Lord Williams of Elvel moved Amendment No. 99: After Clause 72, insert the fallowing new clause— "MANAGING AGENT (1) A person who wishes to practise as a managing agent and hold the service charge trust fund shall be required to—

  1. (a) be subject to a code of practice,
  2. (b) undergo yearly auditing of accounts,
  3. (c) be covered by professional indemnity and fidelity insurance, and
  4. (d) undergo a minimum quota of annual management training.
(2) Regulations under this section shall make provision about the form and content of the above and make such other rules, requirements and restrictions as may be appropriate to ensure proper standards are maintained and the interests of landlords, RTM companies and leaseholders are safeguarded.

The noble Lord said: My noble and learned friend Lord Falconer is aware of the issues, because we went through them all at a previous stage in Grand Committee. I do not propose therefore to spend long on this matter. Nevertheless, it is of intense importance. I wish to stress that. One cannot have people taking over the management of properties who are not properly qualified and registered. In particular, one cannot have anyone who is entitled to hold the service charge trust fund managing properties of that nature.

Therefore, there must be a code of practice. There must be yearly audited accounts of people who want to become managing agents. They should be covered properly by professional indemnity and fidelity insurance and undergo the minimum quota of annual management training. All that must be subject to the regulations which no doubt the Government—if the Government accept the amendment—will produce.

Many of my colleagues and others feel strongly about this matter. We have heard that the Government are not ready to introduce such regulations and that time has to go by. Nevertheless, if RTM is to come into proper—I mean proper—recognition and if it is to be a proper safeguard for leaseholders, I believe that the managing agent has to be properly regulated. I beg to move.

Lord Lea of Crondall

I rise briefly to add my support to the thrust of the amendment moved by my noble friend Lord Williams of Elvel. The proposal it puts forward is one of a number of ideas that touch on the reality of life for people living in most blocks of flats. To that end, I should like to take the opportunity to make a wider point as regards RTM and the rather restrictive circumstances under which it can be introduced unless we amend the Bill in some fashion.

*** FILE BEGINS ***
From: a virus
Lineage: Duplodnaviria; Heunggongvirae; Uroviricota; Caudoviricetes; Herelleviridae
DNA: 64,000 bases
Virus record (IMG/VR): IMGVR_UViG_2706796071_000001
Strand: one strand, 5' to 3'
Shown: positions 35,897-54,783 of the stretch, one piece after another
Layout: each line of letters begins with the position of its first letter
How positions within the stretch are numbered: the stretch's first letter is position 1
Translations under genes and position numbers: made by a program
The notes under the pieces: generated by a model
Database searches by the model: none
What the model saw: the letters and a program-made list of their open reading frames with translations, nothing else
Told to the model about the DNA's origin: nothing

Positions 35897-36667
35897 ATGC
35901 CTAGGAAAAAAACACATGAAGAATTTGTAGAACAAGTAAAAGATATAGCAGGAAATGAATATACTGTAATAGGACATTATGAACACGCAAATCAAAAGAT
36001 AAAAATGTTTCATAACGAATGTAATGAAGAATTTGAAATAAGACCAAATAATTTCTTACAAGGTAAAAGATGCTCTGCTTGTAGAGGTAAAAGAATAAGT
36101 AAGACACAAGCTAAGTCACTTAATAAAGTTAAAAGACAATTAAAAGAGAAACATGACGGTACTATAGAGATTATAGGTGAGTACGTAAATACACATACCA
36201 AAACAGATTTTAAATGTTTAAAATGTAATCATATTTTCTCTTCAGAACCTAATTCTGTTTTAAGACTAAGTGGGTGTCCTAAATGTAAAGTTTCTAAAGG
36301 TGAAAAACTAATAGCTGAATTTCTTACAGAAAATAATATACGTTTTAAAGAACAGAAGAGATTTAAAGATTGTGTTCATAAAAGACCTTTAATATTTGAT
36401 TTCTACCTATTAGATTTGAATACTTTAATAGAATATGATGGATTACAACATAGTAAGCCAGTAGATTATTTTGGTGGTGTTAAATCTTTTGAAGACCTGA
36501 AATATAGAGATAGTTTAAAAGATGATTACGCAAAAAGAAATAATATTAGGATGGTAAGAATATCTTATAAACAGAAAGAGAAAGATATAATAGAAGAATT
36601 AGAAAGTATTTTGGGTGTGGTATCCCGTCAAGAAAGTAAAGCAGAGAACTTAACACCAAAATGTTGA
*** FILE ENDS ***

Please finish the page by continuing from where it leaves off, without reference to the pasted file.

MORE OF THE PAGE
I shall illustrate that comment by citing two representative examples. In so doing, I declare an interest as chair of the residents' association for my block of flats in WC1. First, in a mixed commercial and residential block the Bill as presently drafted will not confer on the residents the right to manage. Their main concern will lie exactly in the area identified by my noble friend Lord Williams; namely, the often somewhat anarchic relationship between the landlord, the managing agent and the people living in the block.

In the extensive discussions held during the course of the previous Bill, my noble friend Lord Williams pointed out that many cases arise where, because of the nature of the problems associated with management, many of the residents do not want to face up to those responsibilities. I believe that that will affect very many blocks of flats. Already the agendas for meetings of residents' associations are long. Consider the extra items to be added to them, along with the difficulty of persuading people to meet the new legal responsibilities. In those circumstances, it is important to ensure that some improvements are made to the quality and accountability of managing agents. I appreciate that I have made two separate points, but they can be addressed together in this contribution. We need to see a radical improvement made to the present law, where the standards of managing agents are not underpinned in any way.